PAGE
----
KEYHOLE surgery instruments maker Surgical Innovations said there is a “strong likelihood” it will shelve plans to relocate to a state-of-the-art clinical training centre in Leeds after what it described as “very disappointing” results.
The Leeds-based company was seen as a key player in the creation of a new medical park of international standing in Yorkshire, based at Thorpe Park in Leeds.
The group had secured a £5m Regional Growth Fund grant to build a state-of-the-art 10,000 sq ft clinical training centre in Leeds, as part of a 58,000 sq ft facility.
Surgical’s chief executive Graham Bowland said a decision over the park will be taken in the next few weeks.
The group’s chief financial officer Mike Thornton said: “The project is at risk. We wouldn’t flag it up unless there was a strong likelihood it will be terminated. It is very much at risk.”
Surgical said that given the recent performance of the business, the project will be reviewed with key stakeholders over the coming weeks which may lead to it being terminated. It has written off its £420,000 investment to date as an exceptional item.
Surgical was due to be one of the first tenants at the new medical park.
A spokeswoman for the project’s developer Scarborough Development Group said: “Scarborough continues to maintain regular contact with Surgical Innovations and is committed to working alongside them to deliver their new showcase facility in the Leeds Medi Park quarter of Thorpe Park.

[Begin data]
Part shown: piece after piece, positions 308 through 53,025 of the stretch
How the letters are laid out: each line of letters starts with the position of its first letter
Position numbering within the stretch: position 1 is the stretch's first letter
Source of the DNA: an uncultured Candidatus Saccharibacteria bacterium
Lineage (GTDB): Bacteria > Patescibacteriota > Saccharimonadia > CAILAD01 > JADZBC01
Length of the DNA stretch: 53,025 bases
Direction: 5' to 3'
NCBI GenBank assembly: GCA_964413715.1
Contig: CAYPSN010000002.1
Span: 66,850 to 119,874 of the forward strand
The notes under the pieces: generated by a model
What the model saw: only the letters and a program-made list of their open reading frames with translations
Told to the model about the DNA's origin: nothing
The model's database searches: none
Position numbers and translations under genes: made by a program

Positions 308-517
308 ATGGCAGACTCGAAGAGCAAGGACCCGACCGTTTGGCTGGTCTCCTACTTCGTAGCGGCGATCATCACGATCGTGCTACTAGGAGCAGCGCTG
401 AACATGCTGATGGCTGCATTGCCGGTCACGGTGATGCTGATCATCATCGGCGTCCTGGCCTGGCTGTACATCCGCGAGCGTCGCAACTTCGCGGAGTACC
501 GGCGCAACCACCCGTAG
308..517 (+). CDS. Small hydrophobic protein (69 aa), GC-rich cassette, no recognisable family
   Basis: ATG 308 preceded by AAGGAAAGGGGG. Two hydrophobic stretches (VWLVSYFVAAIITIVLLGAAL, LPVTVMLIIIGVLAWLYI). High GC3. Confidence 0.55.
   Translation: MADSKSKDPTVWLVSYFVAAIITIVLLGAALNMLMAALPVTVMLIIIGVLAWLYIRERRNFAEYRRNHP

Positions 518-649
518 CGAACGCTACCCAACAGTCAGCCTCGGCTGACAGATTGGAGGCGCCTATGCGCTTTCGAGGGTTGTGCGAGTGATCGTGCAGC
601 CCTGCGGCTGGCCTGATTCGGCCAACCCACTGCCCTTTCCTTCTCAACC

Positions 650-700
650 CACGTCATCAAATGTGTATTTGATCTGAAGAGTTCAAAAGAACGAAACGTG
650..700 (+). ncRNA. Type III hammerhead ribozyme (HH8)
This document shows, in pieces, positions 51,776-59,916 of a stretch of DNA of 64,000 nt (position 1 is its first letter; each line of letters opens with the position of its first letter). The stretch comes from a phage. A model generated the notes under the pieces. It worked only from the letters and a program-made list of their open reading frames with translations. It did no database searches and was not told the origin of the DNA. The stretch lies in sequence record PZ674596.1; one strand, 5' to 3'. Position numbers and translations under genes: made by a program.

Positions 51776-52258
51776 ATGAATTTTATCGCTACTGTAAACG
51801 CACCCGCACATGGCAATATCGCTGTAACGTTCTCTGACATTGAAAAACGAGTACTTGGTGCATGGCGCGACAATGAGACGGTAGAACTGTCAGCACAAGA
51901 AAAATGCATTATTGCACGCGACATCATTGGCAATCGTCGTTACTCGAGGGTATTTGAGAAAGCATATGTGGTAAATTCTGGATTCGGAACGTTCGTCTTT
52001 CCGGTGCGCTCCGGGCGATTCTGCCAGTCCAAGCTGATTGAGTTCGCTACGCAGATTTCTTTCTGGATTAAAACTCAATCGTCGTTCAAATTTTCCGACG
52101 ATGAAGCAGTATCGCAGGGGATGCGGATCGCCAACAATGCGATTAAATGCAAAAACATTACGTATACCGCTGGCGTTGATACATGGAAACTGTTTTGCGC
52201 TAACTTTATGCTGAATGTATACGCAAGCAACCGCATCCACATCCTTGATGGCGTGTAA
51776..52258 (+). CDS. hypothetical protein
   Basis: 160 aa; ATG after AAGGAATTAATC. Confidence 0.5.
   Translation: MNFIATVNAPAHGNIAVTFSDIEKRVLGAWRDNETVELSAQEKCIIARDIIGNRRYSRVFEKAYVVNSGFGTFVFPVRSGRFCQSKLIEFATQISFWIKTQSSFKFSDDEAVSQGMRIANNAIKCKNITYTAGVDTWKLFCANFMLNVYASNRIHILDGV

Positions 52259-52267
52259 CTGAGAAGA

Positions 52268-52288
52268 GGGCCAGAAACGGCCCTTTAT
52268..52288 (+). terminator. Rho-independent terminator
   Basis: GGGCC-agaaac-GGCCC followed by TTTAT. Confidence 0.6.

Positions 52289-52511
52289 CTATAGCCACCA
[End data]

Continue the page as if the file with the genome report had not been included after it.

“Thorpe Park is one of the most successful business parks in the north of England. The forthcoming phases of the scheme will include an additional 1,500,000 sq ft of development including a foodstore, further retail, hotels, leisure and restaurants alongside business space and 145 acres of parkland.
“As part of this major, transformative, scheme Scarborough intend to bring forward Leeds Medi Park in the near future, and the new Surgical Innovations building is an important catalyst in this regard.
“The vast majority of the development at Thorpe Park however does not rely on Leeds Medi Park proceeding.”
A spokesman for Leeds City Council said: “Planning permission for Thorpe Park creates an opportunity for a range of exciting developments to come forward. Leeds City Council will continue to work with Thorpe Park to support their ambitions and to ensure they come to fruition.”
Leeds Chamber of Commerce declined to comment and Leeds and Partners, which attracts investment to the area, was unavailable for comment.
Surgical reported a £3.2m pre-tax loss for the six months to June 30, down from a £600,000 profit last year.
The group has been hit by problems with its entry into the US market.
Surgical makes products for big US conglomerates to sell under their own brand names, but it has found itself at the whim of large US companies that have changed their minds over orders.
“It’s very hard to push a large American corporation to drive a product,” said Mr Bowland.
The group will now only develop products for firms that will add value to the SI brand.
Surgical is now running its inventory down and an impairment review has led to a charge of £1.7m.
Mr Bowland said: “We’re all extremely disappointed, but it’s best for the company to undertake the rebalancing.”
He added that the group’s bankers Yorkshire Bank are being “supportive” and major investor Chris Rea, the founder of AES Engineering, is “supportive of the changes we’re making to the company”.
Asked whether there is investor pressure for members of the board to step down, Mr Bowland said: “Not at this point. There’s no evidence to suggest investors think that.”